The person that thinks they can do something and the person that thinks they cannot do it are both right. I heard that bit of wisdom at a training many years ago and it has stuck with me as one the most true things I have ever learned. I think it is time to pull it out and get it back into play. Many communities are struggling. Even without the drama of Tropical Storm Irene we have been in an economic crisis for some years now. Rural communities have seen out-migration of their populations — in search of jobs, affordable housing and vibrant communities. Infrastructure is aging, not just our roads and bridges but the municipal water and sewer systems have reached (or exceeded) their life expectancy. And our communities are aging…heading toward fixed incomes just at the time that we most need their tax dollars. Faced with these challenges, it would be easy to get depressed, frustrated and angry. But there is a tool that communities can rely on to begin to draft workable solutions for their communities.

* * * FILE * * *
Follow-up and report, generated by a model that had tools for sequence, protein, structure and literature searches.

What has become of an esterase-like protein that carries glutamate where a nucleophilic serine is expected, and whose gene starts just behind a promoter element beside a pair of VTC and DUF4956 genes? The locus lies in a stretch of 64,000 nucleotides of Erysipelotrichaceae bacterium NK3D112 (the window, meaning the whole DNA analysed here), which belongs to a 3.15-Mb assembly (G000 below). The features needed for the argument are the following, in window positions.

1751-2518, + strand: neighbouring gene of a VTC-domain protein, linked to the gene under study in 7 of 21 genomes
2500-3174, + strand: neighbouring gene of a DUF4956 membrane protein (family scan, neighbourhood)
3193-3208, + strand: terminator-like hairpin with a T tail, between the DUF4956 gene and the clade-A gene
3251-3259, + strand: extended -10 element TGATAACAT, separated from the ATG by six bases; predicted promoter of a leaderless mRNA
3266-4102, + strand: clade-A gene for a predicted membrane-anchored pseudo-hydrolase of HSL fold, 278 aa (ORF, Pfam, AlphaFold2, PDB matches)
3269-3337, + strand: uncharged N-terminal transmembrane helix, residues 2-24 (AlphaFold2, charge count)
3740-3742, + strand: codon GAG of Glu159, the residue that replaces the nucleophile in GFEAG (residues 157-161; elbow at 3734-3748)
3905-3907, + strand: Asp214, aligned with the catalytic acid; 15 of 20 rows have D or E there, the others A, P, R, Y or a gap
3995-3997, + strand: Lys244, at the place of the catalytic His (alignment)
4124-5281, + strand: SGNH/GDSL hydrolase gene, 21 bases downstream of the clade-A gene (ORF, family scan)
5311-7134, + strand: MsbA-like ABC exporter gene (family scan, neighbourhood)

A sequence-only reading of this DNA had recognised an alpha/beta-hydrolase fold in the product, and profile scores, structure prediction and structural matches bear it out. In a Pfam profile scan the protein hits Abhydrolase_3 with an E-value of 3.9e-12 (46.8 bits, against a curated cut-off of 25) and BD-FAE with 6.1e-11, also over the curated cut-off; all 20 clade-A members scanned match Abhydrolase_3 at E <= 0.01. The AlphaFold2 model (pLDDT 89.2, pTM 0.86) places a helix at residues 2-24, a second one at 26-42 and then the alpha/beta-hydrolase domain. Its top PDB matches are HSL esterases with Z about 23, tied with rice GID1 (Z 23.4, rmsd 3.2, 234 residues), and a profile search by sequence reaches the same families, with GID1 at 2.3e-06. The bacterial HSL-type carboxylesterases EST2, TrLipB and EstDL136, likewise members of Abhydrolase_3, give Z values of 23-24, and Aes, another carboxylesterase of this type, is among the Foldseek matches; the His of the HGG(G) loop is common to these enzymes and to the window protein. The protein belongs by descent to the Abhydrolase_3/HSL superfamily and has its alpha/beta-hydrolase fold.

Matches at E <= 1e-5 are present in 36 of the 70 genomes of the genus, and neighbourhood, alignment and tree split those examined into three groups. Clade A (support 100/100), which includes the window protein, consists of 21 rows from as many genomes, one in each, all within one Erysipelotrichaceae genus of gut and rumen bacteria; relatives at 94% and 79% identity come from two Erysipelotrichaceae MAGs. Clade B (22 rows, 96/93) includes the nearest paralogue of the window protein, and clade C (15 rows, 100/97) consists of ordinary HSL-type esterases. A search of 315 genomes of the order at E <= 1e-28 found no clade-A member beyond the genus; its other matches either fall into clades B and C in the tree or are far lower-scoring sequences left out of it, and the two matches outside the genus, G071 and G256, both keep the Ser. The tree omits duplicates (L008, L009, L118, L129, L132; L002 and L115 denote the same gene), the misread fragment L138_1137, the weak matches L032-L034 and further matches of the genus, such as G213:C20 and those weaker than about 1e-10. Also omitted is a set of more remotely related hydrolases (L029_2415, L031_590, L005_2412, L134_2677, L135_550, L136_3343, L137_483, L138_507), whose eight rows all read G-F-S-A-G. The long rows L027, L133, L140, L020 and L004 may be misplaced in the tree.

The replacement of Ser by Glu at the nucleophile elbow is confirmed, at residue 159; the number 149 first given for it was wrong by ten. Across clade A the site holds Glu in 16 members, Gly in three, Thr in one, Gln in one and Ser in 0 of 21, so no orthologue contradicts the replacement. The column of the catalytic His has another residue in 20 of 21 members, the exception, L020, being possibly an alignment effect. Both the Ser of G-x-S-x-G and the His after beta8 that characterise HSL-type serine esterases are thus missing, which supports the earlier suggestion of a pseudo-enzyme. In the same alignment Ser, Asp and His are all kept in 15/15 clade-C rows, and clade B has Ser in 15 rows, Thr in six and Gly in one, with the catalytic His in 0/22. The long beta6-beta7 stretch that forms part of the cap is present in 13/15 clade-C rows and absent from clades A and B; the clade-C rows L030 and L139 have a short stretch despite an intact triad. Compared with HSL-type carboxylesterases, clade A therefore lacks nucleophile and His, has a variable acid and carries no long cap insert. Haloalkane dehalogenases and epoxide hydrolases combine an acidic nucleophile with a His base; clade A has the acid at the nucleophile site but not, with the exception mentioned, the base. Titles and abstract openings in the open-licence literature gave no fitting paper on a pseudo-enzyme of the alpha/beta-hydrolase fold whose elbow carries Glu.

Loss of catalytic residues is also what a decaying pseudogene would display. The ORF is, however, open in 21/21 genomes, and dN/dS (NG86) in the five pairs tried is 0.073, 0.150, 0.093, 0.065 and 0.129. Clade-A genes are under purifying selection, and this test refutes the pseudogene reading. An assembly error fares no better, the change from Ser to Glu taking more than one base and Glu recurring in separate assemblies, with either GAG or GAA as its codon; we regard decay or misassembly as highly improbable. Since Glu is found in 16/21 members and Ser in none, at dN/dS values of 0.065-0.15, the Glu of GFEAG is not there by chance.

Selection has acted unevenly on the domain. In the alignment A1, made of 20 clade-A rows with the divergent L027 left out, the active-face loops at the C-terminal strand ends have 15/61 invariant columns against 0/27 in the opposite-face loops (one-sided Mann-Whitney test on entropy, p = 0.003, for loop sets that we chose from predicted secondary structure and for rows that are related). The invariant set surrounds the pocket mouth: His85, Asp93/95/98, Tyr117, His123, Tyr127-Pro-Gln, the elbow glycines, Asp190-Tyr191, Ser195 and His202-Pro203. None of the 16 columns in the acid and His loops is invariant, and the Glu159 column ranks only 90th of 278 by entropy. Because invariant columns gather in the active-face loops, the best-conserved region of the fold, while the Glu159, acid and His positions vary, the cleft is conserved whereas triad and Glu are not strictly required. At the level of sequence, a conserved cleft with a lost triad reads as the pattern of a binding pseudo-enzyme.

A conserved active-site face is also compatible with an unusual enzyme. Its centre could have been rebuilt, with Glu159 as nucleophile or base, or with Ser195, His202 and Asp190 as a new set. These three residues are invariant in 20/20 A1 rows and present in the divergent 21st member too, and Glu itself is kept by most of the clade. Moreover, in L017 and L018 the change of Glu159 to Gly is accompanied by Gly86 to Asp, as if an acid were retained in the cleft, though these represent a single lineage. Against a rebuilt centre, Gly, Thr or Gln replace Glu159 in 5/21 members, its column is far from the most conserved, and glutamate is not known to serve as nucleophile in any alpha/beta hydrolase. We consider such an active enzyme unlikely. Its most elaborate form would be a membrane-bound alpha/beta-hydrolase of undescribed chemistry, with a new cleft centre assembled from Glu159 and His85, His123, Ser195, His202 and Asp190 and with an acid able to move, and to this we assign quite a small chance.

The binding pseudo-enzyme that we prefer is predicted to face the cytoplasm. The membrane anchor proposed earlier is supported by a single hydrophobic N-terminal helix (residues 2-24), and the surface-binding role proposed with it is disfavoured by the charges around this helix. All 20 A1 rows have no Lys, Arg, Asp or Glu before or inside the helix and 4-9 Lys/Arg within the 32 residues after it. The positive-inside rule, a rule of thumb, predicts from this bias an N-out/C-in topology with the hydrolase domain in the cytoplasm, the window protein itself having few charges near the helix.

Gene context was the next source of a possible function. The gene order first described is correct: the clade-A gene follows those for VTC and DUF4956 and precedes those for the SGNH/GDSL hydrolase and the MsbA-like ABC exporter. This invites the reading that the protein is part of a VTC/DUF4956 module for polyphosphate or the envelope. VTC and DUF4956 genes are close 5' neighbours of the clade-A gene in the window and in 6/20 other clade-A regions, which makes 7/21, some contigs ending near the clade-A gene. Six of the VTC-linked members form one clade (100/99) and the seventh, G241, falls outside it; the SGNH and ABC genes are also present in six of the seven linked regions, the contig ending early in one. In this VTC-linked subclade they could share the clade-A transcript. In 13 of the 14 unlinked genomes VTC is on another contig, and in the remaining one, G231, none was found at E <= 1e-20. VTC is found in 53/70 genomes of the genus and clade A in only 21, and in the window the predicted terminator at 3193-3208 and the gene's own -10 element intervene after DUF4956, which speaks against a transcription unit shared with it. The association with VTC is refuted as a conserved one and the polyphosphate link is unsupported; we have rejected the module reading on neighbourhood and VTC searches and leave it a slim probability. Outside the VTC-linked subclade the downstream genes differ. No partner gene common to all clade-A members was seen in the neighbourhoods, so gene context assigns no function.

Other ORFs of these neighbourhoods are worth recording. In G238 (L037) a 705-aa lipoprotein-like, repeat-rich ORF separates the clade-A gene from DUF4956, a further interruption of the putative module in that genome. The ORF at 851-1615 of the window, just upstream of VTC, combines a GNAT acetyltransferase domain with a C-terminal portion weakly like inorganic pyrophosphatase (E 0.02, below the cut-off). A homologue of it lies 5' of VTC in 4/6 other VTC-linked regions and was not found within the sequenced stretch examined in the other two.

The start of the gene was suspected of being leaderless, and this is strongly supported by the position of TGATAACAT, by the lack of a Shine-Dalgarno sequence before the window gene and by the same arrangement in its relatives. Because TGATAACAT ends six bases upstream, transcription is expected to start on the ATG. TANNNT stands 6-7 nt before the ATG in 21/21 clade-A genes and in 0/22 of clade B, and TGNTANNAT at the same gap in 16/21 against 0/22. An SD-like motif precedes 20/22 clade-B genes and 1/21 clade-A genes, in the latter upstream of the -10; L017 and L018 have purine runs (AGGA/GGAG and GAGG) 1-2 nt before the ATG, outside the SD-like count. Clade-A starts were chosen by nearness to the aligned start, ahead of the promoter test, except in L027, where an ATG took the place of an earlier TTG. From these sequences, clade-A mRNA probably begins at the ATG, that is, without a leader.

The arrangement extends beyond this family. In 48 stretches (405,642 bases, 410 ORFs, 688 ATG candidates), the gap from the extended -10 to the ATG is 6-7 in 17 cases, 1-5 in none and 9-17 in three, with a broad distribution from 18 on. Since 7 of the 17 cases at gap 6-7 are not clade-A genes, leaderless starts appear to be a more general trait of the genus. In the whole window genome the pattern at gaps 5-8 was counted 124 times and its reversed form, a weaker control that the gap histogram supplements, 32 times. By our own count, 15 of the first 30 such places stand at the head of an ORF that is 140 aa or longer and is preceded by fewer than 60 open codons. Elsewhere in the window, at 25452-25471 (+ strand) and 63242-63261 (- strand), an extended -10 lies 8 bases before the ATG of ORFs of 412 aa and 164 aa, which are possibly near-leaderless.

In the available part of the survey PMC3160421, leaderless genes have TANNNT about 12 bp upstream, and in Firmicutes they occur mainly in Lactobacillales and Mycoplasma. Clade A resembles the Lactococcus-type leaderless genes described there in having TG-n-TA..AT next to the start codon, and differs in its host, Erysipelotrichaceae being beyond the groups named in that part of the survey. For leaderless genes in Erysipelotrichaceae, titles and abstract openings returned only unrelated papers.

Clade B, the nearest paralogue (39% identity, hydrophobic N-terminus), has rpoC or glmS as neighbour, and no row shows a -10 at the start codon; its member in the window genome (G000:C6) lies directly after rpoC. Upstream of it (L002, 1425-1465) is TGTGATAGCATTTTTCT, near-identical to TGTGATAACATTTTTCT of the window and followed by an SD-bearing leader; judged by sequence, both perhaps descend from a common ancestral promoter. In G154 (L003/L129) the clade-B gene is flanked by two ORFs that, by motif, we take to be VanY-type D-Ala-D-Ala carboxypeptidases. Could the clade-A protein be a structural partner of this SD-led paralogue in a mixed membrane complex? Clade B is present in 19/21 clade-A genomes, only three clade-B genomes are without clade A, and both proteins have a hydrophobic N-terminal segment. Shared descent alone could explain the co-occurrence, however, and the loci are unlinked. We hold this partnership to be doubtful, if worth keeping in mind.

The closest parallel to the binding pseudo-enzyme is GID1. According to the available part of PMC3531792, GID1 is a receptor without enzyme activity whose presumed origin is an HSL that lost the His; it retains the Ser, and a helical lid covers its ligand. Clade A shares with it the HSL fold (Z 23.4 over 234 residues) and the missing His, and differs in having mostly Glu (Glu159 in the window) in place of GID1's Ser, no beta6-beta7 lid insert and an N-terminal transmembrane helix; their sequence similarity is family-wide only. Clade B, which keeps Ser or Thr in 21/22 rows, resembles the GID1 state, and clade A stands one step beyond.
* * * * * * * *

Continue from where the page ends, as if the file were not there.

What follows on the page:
Asset-based planning begins with a focus on what the community has rather than what the community lacks. So, for example, a community that has high unemployment might choose to focus instead on it’s natural beauty. In that way the community will be moved to leverage that asset to create new opportunities. By building on what they have (natural resources), they might choose to emphasize tourism rather than industrial recruitment as a way to build employment.
The simple theory behind asset-based planning is that by focusing on what you already have you will be in a better position to attract new resources. If you only focus on what you lack you create a bleak scenario. Not only will it be difficult to attract outside funders, it will be challenging to motivate your own citizens.